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Thursday, 26 July 1906

Mr WILSON (Corangamite) .- I am very glad that one after another of honorable members who have been professed free-traders are gradually coming into line with the settled policy of Australia, namely, that of protection. I have noticed that from time to time honorable members go wrong upon various points of their fiscal policy. For example, the honorable member for Maranoa went wrong upon bananas, the honorable member for Grey upon salt, the honorable member for Echuca upon three-legged gluepots, and now the honorable member for Dalley has gone wrong upon ships.

Mr Wilks - I believe in providing work for our own people.

Mr WILSON - The honorable member may put the matter in any way that he chooses. In common with every other protectionist in Australia, I desire to see all the work which can be done locally, at a reasonable price, undertaken here. I fait to see any reason why the ships required for the new mail service should not be built in the Commonwealth. At any rate, some of them should be constructed locally. The honorable member for Dalley has urged that the Postmaster-General might well agree to at least two of the vessels being built in Australia. I entirely agree with him. In regard to the second portion of his amendment, I see no reason why the vessels should not be docked in Australia. We know very well that the contractors for the new mail service have practically obtained from the Government a concession, and it is almost certain that they will assign that concession to some other firm. Almost of necessity that will be the case, because the present contractors will scarcely run a line of steam-ships in opposition to some of their best customers, for whom they have constructed ships. Consequently, they will get rid of this concession, and if an assignment of the contract is made, why should not .the Australian capital which we have been told will be sunk in the enterprise, be spent in Australia? For many years we have been doing something in the ship-building line. Some honorable members appear to regard as a joke the suggestion that ships will yet be built at the Federal Capital. But as a boy I well recollect seeing a fairly large vessel built at the corner of Latrobe and Queen streets, Melbourne. It was placed upon a trolly there, and taken down Elizabethstreet to the bay..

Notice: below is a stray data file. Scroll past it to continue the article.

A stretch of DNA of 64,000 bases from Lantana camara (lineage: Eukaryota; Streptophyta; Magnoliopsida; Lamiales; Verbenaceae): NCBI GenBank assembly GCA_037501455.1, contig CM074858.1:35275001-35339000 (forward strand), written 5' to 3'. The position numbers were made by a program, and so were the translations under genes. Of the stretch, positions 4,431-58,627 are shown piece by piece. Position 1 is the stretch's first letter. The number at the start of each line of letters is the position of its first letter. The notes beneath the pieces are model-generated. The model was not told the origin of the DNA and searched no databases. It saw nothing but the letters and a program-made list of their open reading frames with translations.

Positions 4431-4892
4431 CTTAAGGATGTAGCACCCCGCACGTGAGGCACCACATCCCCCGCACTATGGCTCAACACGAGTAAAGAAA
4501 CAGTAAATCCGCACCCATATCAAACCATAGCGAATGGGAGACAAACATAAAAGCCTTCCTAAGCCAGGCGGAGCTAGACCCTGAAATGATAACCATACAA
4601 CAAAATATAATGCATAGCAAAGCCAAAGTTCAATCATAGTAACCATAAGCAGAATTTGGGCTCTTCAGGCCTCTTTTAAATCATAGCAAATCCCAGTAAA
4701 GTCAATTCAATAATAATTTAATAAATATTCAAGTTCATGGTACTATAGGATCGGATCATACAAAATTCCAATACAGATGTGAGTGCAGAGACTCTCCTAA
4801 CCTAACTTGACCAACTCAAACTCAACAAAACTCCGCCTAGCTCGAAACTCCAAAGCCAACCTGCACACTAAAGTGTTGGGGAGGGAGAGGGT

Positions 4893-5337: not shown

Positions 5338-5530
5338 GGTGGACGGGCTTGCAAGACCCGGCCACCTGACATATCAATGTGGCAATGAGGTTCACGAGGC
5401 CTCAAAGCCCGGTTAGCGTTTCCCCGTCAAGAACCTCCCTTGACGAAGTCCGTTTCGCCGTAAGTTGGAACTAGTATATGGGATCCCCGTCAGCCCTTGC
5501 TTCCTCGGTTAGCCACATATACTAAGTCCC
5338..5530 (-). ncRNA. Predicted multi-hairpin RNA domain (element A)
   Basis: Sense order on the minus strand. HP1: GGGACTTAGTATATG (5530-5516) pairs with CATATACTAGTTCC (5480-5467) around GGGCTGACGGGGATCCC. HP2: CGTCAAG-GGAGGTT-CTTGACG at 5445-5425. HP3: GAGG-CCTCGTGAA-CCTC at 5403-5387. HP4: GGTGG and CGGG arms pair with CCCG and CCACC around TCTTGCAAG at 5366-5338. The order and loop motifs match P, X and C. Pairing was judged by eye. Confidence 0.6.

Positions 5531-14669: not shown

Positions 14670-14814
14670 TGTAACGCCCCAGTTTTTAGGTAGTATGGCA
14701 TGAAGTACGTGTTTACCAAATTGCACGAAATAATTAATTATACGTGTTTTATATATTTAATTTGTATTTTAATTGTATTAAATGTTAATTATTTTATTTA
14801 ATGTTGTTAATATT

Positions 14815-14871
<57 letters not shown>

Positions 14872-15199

Mr Poynton - It must have been a pretty big trolly.

Mr WILSON - -I admit that it was not an 1.1, 000-ton vessel, but it was a vessel of fair tonnage.

Mr Webster - Was it flat-bottomed ?

Mr WILSON - It was neither flatbottomed nor flat-headed. It was built of iron plates. As a lad, I also remember seeing vessels of a larger size constructed at Foreman's and other works. The steamers required to carry out the proposed contract could be constructed in Australia., when once their lines had been laid down. I know for a fact that all the knees, the keel, ribs, girders, and plates either can be obtained in Australia now or will be obtainable in a very short time, because very large furnaces are being established at Lithgow. We are all aware that the Postmaster-General and the Minister of Trade and Customs have exhibited great interest in the proposal to establish iron works in the Commonwealth. The amendment of the honorable member for Dal ley affords the Government, an opportunity to get some of these ships constructed locally. If they cannot see their way to fall in with that portion of his proposal, they might at least adopt the second part of it, which provides that the steamers shall be docked in Australia. Why should the work of docking them be done in the old country ? Why should it not be done here regularly? I rose simply for the purpose of seconding the amendment of the honorable member for Dal ley, which I hope will receive a large amount of support.

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